The following is my workflow, using Adobe Photoshop Lightroom.
In Lightroom, select the imported image of the calibration target then select the Export command and then select the ColorChecker Passport preset that is loaded when you installed the software that comes with the Passport. Simply name your profile and the software does all of the rest.
After you restart Lightroom, the resulting profile can then be applied through the Profile pop-up in the Camera Calibration panel of Lightroom. Remember though that you'll only see profiles that are created by the camera that shot any Raw file you have selected. For an enhanced workflow, this profile can be saved as part of a Develop Preset and applied to a batch of applicable pictures.
|Adobe Lightroom Export dialog showing the ColorChecker Passport interface.|
The difficult thing is to work out how many calibrations you need to do. In theory you should perform a calibration for each lighting source, lens, and even ISO. In practice, unless you work in very controlled conditions this is probably too unwieldy and will slow up your workflow.
The trick is to find a balance for your type of shooting between having to create and apply so many different calibrations that it will be too time consuming and having too few profiles to be any use. As with most things to do with calibration, even having calibrated your camera once will be an improvement on most photographers' workflow.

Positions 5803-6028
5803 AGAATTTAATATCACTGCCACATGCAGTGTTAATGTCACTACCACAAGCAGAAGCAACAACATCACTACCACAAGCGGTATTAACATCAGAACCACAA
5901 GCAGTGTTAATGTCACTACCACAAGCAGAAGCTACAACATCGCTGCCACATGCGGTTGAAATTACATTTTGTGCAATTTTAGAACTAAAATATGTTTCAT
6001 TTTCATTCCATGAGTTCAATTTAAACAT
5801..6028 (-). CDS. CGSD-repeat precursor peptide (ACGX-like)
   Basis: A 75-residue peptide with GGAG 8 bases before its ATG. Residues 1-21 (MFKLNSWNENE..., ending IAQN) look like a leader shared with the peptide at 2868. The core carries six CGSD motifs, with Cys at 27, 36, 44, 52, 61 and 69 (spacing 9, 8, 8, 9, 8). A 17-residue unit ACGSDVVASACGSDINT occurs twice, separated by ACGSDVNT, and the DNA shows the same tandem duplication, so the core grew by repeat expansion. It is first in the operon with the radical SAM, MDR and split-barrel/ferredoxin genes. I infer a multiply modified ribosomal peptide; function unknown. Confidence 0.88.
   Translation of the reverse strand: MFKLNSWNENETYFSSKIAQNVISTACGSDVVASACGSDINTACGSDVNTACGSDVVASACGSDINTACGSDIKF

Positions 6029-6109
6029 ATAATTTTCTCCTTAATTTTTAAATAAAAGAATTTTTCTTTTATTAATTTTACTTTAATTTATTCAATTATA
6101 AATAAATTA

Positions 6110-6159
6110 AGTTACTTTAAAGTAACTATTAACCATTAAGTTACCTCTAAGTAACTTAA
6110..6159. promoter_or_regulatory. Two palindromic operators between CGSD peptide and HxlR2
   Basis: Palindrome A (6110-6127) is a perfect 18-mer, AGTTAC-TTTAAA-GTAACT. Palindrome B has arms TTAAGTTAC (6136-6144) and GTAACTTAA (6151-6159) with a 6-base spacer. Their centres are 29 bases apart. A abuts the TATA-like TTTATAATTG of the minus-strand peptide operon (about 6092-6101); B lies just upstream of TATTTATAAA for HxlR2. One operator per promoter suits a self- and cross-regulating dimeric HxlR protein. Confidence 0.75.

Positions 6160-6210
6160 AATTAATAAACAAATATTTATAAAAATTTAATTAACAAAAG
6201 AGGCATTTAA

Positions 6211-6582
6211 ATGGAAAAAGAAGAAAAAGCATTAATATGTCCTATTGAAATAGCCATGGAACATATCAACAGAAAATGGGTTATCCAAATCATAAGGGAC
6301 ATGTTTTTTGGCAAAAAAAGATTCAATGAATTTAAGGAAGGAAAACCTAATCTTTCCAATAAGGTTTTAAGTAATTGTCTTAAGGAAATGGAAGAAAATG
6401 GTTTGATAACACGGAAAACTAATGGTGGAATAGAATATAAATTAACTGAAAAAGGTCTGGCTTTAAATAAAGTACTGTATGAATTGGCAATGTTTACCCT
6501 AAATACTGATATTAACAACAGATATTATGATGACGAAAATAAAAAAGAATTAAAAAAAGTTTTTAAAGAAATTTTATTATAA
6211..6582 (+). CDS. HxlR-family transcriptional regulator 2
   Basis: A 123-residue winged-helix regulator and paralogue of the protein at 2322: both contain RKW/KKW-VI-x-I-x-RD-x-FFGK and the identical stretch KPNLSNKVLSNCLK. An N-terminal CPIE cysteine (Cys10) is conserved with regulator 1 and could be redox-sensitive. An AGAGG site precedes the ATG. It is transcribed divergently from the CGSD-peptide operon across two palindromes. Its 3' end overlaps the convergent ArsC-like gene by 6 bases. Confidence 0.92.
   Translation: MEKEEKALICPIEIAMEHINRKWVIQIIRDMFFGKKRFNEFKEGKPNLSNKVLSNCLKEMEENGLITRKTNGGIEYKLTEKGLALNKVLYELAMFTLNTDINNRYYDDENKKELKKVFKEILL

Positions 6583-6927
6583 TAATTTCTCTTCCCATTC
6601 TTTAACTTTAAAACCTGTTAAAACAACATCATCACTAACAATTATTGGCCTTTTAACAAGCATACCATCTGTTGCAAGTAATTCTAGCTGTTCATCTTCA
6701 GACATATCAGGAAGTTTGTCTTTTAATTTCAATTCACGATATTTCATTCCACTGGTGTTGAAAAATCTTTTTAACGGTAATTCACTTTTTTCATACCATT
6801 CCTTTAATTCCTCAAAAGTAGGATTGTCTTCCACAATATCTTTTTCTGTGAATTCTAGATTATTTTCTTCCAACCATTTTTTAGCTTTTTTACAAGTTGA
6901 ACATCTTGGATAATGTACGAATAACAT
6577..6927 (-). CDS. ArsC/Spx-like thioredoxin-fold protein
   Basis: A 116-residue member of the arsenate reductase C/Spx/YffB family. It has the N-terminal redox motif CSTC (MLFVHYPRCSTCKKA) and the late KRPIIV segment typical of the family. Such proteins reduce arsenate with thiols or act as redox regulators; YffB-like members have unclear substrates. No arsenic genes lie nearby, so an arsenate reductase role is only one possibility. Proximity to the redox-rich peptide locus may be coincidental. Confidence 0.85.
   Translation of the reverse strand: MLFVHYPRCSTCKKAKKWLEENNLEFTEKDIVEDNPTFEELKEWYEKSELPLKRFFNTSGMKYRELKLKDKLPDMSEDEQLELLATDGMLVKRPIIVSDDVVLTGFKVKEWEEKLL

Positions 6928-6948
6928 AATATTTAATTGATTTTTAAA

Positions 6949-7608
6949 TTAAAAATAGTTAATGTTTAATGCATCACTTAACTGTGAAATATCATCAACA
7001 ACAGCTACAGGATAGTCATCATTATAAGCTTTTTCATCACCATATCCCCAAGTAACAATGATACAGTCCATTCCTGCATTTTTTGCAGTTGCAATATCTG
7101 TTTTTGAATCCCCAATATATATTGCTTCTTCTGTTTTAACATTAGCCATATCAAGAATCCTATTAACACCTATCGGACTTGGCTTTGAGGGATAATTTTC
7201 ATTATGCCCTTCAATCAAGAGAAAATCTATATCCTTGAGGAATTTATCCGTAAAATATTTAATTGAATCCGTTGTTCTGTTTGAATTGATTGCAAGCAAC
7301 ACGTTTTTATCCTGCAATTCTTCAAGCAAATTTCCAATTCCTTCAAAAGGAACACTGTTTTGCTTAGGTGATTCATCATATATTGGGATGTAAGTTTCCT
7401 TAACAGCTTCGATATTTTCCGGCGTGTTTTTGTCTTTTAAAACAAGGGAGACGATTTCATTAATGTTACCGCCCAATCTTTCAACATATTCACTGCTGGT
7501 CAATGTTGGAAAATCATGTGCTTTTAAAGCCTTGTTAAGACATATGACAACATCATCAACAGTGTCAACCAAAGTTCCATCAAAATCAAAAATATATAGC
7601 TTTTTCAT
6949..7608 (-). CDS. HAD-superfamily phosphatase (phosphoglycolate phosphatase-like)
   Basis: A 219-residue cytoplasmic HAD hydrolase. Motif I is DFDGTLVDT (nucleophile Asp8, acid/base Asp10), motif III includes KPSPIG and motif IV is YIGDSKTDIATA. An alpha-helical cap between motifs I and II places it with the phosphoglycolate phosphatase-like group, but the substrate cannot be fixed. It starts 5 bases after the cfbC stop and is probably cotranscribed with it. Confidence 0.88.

How to use custom profiles
Working as a travel photographer, I tend to make a custom profile for each location area. So if I am shooting in the Himalayan region of Ladakh in India, I'll create a profile, and if on the same trip I were to head to a completely different area, such as the lush state of Kerala in the South of India, then I would repeat the process.
The ColorChecker Passport software has the ability to combine two different calibrations into a Dual-Illuminant DNG Profile. This gives a more accurate profile for your camera if you are shooting under any lighting source, and not just the sources you have actually profiled. What you'll need to do is shoot two different calibration shots under significantly different light sources. Then select the two calibration images and the software will create a combined camera profile, which is said to be much more accurate when applied under different lighting conditions than a single profile.
The sooner you perform these calibrations, then the sooner you can apply them automatically as a Develop Preset when importing any new images.
If you don't use Adobe Lightroom, then you can use the ColorChecker Passport standalone software to create your DNG Profiles, which can then be applied through some other Raw processing software including Adobe Camera Raw and CaptureOne. Currently, the ColorChecker Passport and DNG profiles are not compatible with Apple Aperture.
Steve Davey is a writer and photographer based in London. He juggles a young family with traveling as much as possible to some of the more exotic and photogenic parts of the world. Steve has just released the second edition of Footprint Travel Photography, which has been hailed as the leading guide to traveling with a camera.
The book is also available on Kindle, iBookstore, Barnes & Noble and Kobo editions. To complement the first edition of the book, Steve launched his own range of travel photography trips to some of the most photogenic parts of the world. Uniquely falling between a photography tour and a workshop, Steve accompanies each trip providing copious instruction as well as countless photo-opportunities. More detail on these trips and Footprint Travel Photography on www.bettertravelphotography.com.
Steve's professional site can be found on www.stevedavey.com